Miles & Motivation

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After my run yesterday I updated my dailymile site — think Strava — and noted that I’d hit 4,000 miles of running. I created the account on the day I started running, 18th February 2011. Nearly 4 years ago. Time, thought I, for some reflection as to what running has offered and whether it has changed me. I mean, I’ve quit the ciggies. Lost some weight. Got the medals which have made up for the sore legs. But I’m still doing it? So unless I’m simply a glutton for punishment, it must have had, and be having, some other effect. Been doing some other sort of good? Right?

According to dailymile it’s taken 516 hours to run 0.16 times around Earth. Not quite sure what that means. Or how it’s worked out for that matter. Math has never been an arrow in my quiver. But figuratively as well as literally it’s true that running has taken me around the world. Whenever I have travelled to a race I have always tried to tag on some sort of cultural immersion (well apart from Milton Keynes maybe, no offence to MK but a sightseeing tour of roundabouts and overpasses didn’t appeal). I’ve visited places I never would have previously thought of venturing, Lisbon, Copenhagen… Milton Keynes come to think of it. That’s one of the great things about running. It get’s you out there. Not just of your own front door, but into the world at large. You also realise how running can break down borders and preconceptions. Anyone who has been to a pre-race expo abroad and feels the camaraderie between fellow runners, irrespective of nationality, religion, can vouch for this. So it brings people together and you get to explore the world. But to be fair you maybe don’t have to go running. You could just get an Easyjet and fly to these places rather than endure 26 miles of tarmac when you get there. Sounds a bit silly come to think of it… why else then?

I have apparently burned 116 pounds in 636 workouts. There the sort of numbers I used to find motivational. When I started running. I revelled in documenting how many miles I’d clocked (maybes I still do a bit given numbers prompted this post), how much faster I could go (and actually yeh I still get a kick from personal bests). Similarly it’s true that I did want to tone up some parts of the anatomy which had accumulated mass after several years of partying too hard. I don’t think I was alone in what I thought were the preeminent reasons for my lifestyle change. Erm what’s my point here? A common motivator that people have when starting out is health and image. Which is wholly justified. But now hearing the number of times I’ve laced up sounds a bit weird and probably doesn’t account for the other times I’ve just got out there and run without a watch. On the contrary weight loss and number of workouts aren’t everyones motivation to begin with. And, in fact, I quickly found that it wasn’t my main driver either.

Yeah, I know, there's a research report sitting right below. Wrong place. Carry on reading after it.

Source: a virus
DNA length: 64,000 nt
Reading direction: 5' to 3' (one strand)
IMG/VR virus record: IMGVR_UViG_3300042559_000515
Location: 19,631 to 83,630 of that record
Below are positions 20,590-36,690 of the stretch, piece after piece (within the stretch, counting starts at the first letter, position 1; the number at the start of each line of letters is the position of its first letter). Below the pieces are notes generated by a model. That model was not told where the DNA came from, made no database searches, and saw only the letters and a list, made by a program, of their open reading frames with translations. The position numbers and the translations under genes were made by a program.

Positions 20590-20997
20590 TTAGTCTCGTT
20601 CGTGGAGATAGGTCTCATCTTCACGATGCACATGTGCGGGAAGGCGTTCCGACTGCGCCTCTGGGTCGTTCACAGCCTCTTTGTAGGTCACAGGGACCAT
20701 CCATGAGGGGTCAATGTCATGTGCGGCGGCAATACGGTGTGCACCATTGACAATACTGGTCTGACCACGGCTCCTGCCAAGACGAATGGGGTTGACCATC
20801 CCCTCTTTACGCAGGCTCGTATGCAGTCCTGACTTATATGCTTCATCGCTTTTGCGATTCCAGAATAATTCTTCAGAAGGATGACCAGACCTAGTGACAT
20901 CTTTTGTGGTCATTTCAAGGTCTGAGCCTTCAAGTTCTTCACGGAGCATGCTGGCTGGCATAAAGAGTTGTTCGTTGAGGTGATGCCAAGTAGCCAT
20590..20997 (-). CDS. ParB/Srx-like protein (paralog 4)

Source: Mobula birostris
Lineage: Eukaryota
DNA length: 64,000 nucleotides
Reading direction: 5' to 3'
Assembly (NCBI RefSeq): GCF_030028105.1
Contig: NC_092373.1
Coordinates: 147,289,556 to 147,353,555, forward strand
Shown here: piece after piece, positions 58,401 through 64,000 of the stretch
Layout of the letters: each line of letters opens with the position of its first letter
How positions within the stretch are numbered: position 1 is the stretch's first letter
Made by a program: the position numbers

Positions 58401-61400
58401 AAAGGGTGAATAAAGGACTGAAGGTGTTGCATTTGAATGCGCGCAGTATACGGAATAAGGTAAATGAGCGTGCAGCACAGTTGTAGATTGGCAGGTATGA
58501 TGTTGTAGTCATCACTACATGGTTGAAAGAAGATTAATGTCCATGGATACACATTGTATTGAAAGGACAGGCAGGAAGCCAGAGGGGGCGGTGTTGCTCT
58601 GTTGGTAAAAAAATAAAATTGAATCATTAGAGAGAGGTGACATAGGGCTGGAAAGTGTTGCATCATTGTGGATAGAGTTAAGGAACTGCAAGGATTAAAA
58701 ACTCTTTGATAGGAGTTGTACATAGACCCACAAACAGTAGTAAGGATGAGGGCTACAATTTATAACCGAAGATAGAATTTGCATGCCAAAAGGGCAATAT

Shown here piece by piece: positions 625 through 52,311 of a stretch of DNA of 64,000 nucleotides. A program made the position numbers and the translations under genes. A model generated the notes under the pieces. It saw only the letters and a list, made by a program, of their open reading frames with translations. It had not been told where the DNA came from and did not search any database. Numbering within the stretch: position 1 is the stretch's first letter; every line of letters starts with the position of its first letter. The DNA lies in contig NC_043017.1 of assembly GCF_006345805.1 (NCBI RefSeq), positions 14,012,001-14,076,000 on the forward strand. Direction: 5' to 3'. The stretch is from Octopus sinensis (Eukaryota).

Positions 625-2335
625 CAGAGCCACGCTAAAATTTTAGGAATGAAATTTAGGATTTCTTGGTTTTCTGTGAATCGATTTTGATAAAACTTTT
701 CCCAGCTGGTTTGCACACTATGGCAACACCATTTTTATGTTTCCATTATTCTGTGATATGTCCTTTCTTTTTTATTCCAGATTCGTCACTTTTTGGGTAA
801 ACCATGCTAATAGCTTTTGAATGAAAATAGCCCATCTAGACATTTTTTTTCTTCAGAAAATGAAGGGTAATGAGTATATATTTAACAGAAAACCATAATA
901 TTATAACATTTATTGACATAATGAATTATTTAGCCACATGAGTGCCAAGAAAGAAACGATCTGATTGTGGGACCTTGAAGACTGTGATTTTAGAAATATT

More importantly I got out there. The success wasn’t what the change brought it was that I was able to make the change in the first place. It was psychological. The biggest health benefit running still brings me is psychological; release, clarity of thought. Running is about all sorts of self confidence, not just to do with image and competition. Sure I’ve given up fags and am a bit lighter. But actually what I’ve gained, what I’ve learnt, has been the bigger takeaway. Application, determination, resolve. And in getting ‘out there’, I’ve seen and met other people with their own story. Other runners who inspire by having their own goals and work hard to better themselves for different reasons, their own reasons; after all humans are a sensitive species and can only draw from a certain amount of self fulfilment before we recognise that we also benefit from charity, companionship, support. Running has been the vehicle through which I hear these messages, that commonality.

Speaking of who I’ve run with, from the image used in this post, and the subject matter of others, you’d think I was sponsored by Nike… I’m not. But the crew I run with are supported by them. And I think Nike support them because, believe it or not, they get that running is about something other than looking good whilst pounding pavement, hitting times and winning races. All those things are motivational, sure. But success comes in forms other than medals and numbers. It’s about psychological well being and positivity. Put your mind to something, anything, as running demonstrated for me, and you can ‘earn it’. Running has made me a stronger person mentally and that is why I still run. To be a better person, not just a fitter person.

But yeh I did run 4,000 miles in 4 years. That too. <smiley face>.